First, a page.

SpaceX is knee-deep in its Starlink initiative. It aims to bring a strong broadband internet connection to people around the world with a network of satellites. Now, Elon Musk’s spaceflight company is doing something else with its satellites. As of Tuesday, it is working with the Space Development Agency, a division of the U.S. Department of Defense, to build missile-tracking satellites.
SpaceX will design and build four satellites and will be compensated nicely to the tune of $149 million. It’s worth noting that the company has previously partnered with the military to fly national security payloads.
Although the contract is more groundbreaking for SpaceX, it isn’t the only company that will work on the new missile-tracking satellites. The Space Development Agency also tasked defense contractor L3 Harris with building four units. In total, it is commissioning eight satellites to make up the “tracking layer” of the new system.
The units will be designed to work in sync with satellites in the “transport layer” that are currently being built by Lockheed Martin and York Space Systems.
Each of the satellites features a new infrared sensor that boasts a wide field of view. Thanks to that, it is able to track almost any projectile—including hypersonic missiles. The satellites that SpaceX is designing will look familiar since they are based on its existing Starlink models. Musk’s company intends to outsource the production of the infrared sensor to an unnamed supplier.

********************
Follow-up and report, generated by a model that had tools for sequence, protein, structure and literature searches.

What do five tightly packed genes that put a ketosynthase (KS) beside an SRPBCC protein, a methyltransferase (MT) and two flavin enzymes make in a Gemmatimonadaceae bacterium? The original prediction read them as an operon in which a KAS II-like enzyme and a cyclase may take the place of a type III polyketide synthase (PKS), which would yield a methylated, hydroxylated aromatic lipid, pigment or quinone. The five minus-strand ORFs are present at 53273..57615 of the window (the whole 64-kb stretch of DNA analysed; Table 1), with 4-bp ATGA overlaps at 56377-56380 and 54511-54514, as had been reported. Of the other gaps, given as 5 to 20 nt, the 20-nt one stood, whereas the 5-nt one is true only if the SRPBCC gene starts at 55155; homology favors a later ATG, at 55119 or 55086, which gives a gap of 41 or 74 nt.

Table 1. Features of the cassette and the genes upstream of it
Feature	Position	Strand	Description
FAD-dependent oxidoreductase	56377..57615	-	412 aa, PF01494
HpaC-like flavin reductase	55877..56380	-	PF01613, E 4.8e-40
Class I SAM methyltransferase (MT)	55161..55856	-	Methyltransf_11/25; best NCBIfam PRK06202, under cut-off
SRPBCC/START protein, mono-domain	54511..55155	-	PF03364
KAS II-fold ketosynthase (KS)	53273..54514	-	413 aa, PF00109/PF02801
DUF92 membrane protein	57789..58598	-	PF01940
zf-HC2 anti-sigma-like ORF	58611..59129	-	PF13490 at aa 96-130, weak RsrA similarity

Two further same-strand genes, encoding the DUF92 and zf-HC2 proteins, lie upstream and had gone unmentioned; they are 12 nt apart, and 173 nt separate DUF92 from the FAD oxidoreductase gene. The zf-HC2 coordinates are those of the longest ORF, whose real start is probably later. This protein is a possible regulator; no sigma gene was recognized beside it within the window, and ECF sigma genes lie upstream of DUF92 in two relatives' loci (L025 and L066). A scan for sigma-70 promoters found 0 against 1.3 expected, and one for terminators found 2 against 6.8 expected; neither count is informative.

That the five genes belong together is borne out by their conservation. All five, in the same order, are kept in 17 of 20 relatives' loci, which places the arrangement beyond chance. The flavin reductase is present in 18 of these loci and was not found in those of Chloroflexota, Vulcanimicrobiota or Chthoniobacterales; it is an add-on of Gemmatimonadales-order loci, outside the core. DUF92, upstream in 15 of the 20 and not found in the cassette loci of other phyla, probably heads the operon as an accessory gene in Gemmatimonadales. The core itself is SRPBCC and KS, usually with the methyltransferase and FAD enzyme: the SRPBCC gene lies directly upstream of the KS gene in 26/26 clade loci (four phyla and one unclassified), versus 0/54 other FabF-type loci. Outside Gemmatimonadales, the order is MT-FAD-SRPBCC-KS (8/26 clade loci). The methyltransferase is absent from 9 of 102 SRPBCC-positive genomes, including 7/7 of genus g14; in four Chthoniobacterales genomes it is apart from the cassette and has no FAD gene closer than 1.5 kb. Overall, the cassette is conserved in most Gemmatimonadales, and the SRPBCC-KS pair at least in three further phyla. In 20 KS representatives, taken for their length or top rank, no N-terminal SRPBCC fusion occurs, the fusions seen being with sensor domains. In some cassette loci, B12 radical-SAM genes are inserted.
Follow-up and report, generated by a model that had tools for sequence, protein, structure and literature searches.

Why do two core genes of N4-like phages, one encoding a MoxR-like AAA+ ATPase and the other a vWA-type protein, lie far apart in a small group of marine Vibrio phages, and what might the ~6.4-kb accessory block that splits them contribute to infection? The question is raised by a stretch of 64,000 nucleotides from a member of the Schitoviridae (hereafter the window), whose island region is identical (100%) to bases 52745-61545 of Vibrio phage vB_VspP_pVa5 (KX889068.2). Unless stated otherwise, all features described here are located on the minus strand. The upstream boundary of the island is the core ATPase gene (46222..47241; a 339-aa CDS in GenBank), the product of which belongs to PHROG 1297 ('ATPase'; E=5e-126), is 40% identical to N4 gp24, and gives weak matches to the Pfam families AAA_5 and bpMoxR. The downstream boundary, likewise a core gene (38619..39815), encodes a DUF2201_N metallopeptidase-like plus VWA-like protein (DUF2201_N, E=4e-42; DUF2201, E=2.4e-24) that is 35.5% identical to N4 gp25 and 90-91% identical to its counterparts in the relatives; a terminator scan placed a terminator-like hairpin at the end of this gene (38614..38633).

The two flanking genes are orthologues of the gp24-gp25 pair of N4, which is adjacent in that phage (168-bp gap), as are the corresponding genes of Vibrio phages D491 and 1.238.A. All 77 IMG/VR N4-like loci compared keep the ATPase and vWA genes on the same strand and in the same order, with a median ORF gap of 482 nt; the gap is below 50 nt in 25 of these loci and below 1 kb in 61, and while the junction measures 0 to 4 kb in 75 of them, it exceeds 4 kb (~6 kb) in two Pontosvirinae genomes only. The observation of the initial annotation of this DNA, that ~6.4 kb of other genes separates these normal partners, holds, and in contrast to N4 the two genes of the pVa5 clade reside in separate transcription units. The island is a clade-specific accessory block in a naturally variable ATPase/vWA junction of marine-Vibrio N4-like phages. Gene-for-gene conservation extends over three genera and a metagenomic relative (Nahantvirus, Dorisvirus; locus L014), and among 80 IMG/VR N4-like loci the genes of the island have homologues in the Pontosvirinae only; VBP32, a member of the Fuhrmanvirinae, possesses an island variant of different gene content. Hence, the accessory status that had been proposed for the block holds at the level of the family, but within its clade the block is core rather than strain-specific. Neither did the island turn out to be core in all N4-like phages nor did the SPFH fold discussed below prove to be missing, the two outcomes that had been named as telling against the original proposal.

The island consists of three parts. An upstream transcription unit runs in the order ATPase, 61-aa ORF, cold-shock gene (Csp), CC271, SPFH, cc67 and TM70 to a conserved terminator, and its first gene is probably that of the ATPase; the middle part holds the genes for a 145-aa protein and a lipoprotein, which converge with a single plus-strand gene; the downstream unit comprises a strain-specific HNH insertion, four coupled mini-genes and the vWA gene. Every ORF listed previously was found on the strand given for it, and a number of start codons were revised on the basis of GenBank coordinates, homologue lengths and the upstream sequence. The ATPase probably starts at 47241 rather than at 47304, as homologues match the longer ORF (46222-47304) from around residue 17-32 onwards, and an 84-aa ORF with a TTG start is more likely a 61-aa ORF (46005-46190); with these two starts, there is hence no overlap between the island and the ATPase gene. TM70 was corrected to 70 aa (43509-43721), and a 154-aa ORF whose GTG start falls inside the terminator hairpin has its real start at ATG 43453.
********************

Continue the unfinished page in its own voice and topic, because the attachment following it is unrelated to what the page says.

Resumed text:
Under the terms of the new contract, both SpaceX and L3 Harris will need to deliver the satellites by September 2022. That will be an important milestone to hit considering that the government could place additional orders for up to 30 more tracking satellites in the years ahead. If the system works as intended, it will bolster the United States’ defenses while also showcasing the power and innovation of private space firms.
If anyone is up to the task of designing and constructing four new satellites, it’s SpaceX. The company has been producing satellites at an incredible rate over the past few years.
There are currently several hundred Starlink satellites in orbit and it seems that SpaceX is adding to its constellation every month. That approach has drawn ire from astronomers who say that the satellites obstruct their observations of the galaxy. In response, SpaceX has taken measures to decrease the impact of its satellites, including outfitting them with visors to reduce glare.
Meanwhile, thanks to the reusability factor of its rockets, SpaceX is able to launch its satellites at a pace most other companies can only dream of. In August, the company broke a record by flying a Falcon 9 booster on its sixth mission. Unsurprisingly, it was transporting a payload of 58 Starlink satellites into orbit.
It will be very interesting to see how SpaceX manages its partnership with the government. The company could very well try to build on its Starlink success by going after more defense satellite contracts in the future.